United States Botanic Garden in Washington, DC

I want my yard and house to be full of plants in bloom like at the U.S. Botanic Garden in Washington DC.

The name Botanic Garden is somewhat misleading, as this collection is more than just a garden, it’s a museum of living plants.  Located on the National Mall at the foot of the Capitol Building (on First Street S.W., between Maryland and C Street), the Conservatory is free to the public and open from 10 am-5 pm daily.  Parking is limited in the area, but USBG can be reached by Metro:  Blue or Orange line to the Federal Center S.W. or Capital South station.

The USBG dates back to 1816, with the idea of collecting, growing, and distributing plants from around the world that might contribute to the welfare of the American people.  The idea started, and then sputtered, but eventually caught on after the Wilkes Expedition brought back to Washington a collection of living plants from around the world.

In 1933, the USBG moved to its current location.  The site now includes the Conservatory, two acres of surrounding grounds, and outdoor display gardens in Frederic Auguste Bartholdi Park.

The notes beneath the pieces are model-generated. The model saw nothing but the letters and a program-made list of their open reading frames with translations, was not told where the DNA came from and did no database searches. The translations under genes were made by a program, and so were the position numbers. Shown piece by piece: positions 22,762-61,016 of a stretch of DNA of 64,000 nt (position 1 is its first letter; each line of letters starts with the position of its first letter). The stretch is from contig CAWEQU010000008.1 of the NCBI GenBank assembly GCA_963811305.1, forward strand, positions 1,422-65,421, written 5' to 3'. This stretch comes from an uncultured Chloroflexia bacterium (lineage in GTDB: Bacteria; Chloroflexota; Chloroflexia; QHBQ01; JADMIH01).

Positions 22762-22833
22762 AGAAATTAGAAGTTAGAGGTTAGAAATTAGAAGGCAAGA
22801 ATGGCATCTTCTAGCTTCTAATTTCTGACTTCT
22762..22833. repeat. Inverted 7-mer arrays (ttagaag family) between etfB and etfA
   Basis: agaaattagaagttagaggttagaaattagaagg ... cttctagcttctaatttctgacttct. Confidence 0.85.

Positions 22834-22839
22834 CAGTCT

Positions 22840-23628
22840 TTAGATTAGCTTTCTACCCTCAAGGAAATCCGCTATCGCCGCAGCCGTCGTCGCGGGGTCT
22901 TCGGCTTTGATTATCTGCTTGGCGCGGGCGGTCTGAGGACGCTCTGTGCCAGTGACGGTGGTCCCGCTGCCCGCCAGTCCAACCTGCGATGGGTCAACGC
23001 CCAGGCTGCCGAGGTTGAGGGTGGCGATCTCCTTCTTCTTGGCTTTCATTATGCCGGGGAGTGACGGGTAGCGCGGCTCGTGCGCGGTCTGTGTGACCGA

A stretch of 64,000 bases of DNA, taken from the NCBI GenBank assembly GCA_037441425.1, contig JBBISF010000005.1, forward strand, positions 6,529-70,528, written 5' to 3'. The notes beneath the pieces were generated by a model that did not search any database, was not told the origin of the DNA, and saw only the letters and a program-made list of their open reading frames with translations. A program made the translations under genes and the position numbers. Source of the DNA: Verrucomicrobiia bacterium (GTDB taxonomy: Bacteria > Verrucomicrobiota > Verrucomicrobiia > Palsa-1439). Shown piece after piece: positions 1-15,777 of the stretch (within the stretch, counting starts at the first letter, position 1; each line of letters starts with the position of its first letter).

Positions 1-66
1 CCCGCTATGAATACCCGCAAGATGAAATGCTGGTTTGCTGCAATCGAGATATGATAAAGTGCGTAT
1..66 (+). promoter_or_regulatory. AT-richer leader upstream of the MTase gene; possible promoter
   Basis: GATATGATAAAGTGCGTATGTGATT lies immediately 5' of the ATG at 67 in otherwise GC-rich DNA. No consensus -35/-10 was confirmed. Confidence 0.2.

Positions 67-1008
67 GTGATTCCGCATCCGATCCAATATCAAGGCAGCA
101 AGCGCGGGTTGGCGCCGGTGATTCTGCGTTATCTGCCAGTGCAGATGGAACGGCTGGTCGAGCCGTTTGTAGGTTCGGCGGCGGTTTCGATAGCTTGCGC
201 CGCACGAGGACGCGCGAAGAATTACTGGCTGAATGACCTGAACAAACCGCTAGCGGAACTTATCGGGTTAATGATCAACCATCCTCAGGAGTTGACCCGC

Walking through the gardens, I found some old favorites of mine, as well as lots of plants that I have never seen before.  The collection is all labeled, so it’s easy to find out what you are looking at.  There are a variety of living exhibits, and seasonal displays, resulting in approximately 4,000 plants on display, and docents are available to answer questions and provide further information.

On my visit, the feature exhibit was a themed display on family reunions – this one was A Gathering of Plant Families. It was interesting to browse the family tree display and discover which plants are related to which others.  For example:  Did you know that thyme is related to the houseplant, the coleus?

My favorite displays were the orchids.  Large and small, and in a variety of shapes, from a simple white in color, to more vibrant tropical colors;  they all were beautiful.  If only I could grow them like that at home.

While the USBG is great on a sunny summer day, it offers year-round, all-weather options.  As the seasons change, so do the blooms.

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